David R. Kotok, Chairman and Chief Investment Officer


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For Cumberland Advisors Investment Portfolio Styles: http://www.cumber.com/styles.aspx?file=styles_index.asp
For personal correspondence: david.kotok@cumber.com

Twitter: @CumberlandADV


A good analogy from my good friend,

Janice Dorn, M.D., Ph.D.





We’re not two peas in a pod.
We’re two fingers in Chinese handcuffs.
The more we pull we stay,
The more we stay we pull apart this wicker toy…
“Chinese Handcuffs” by Matt Kadane


Most of us are taught from a young age that “winning isn’t everything; it’s the only thing.” When we lose, we feel ashamed and humiliated– which is why we do everything possible to prove to our families and the world that we are winners.

Coaches encourage their teams to “Go out there and win, win, win!” That is how we keep score in athletics. Winners win, losers lose and numbers don’t lie. This type of thinking shows up in every area of our lives, including our jobs, relationships and trading.

The bottom line is this: We all want to win and succeed because it is ingrained in our collective psyches.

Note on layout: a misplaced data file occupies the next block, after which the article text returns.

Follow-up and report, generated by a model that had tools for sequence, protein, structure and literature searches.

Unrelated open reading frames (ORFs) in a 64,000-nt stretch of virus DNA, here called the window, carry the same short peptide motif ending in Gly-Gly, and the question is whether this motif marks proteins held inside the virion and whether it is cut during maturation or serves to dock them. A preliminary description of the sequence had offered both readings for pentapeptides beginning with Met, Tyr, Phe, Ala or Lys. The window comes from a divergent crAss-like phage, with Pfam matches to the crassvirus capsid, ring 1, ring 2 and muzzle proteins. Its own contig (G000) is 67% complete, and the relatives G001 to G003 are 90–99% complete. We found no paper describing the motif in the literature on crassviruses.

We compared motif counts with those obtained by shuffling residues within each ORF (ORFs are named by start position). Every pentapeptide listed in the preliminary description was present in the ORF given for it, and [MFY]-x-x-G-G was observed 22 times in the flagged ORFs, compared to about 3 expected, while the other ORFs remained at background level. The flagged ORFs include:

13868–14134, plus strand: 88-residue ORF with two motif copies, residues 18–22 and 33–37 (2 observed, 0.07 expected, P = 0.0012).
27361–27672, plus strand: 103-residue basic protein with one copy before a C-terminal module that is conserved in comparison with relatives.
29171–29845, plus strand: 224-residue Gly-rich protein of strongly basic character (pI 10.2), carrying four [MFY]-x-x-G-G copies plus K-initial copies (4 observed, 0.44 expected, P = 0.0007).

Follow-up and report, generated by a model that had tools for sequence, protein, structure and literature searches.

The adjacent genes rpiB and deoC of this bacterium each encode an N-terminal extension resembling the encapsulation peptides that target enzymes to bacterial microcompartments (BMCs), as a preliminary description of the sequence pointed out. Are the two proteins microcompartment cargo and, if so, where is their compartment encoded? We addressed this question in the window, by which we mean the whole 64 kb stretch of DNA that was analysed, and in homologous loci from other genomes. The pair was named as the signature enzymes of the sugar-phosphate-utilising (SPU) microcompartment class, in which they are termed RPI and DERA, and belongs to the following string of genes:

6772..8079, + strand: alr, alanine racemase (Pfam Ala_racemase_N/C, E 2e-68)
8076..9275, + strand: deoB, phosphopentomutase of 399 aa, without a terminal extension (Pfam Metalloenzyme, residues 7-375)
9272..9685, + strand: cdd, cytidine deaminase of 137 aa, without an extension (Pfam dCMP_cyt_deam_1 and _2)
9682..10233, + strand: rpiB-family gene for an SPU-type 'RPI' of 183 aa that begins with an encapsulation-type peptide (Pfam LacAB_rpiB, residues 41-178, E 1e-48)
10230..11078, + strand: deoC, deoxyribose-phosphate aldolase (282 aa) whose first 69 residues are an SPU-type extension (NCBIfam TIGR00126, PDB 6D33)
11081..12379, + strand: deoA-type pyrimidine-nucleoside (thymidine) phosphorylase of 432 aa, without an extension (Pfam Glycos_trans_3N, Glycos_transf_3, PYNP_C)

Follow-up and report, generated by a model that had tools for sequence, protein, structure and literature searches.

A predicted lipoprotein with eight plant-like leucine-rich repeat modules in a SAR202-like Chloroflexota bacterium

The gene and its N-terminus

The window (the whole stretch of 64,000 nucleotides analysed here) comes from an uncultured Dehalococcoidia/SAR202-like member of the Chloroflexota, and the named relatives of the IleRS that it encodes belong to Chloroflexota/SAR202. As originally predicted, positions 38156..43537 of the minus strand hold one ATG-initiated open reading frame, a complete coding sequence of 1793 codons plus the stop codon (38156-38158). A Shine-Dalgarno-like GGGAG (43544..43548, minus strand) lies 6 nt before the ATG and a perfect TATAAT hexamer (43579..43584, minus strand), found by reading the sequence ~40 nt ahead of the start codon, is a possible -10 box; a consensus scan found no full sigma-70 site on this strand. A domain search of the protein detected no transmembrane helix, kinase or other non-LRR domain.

If we are winning, we are “on a roll” and give ourselves positive messages to keep winning. If we are losing, we try harder and harder, but a subtle shift occurs.  We morph from trying to win to trying not to lose. Ironically, the more we try not to lose and tell ourselves that we must stop losing, the more we lose.

Winning traders feel happy, confident and good about themselves. Contrast this with the losing trader who is constantly trying not to lose. These traders have a tendency to dig themselves deeper into losses because they do not yet understand a fundamental tenet of trading success: It is both necessary and natural to lose

The beginning trader believes every trade must be a winner. She/he goes from newsletter to newsletter looking for the Holy Grail of trading that promises the highest number of winning trades. In trading, the highest number of winners tells you nothing unless you know the percentage gained on the winning trades relative to the drawdown percentage on the losing trades.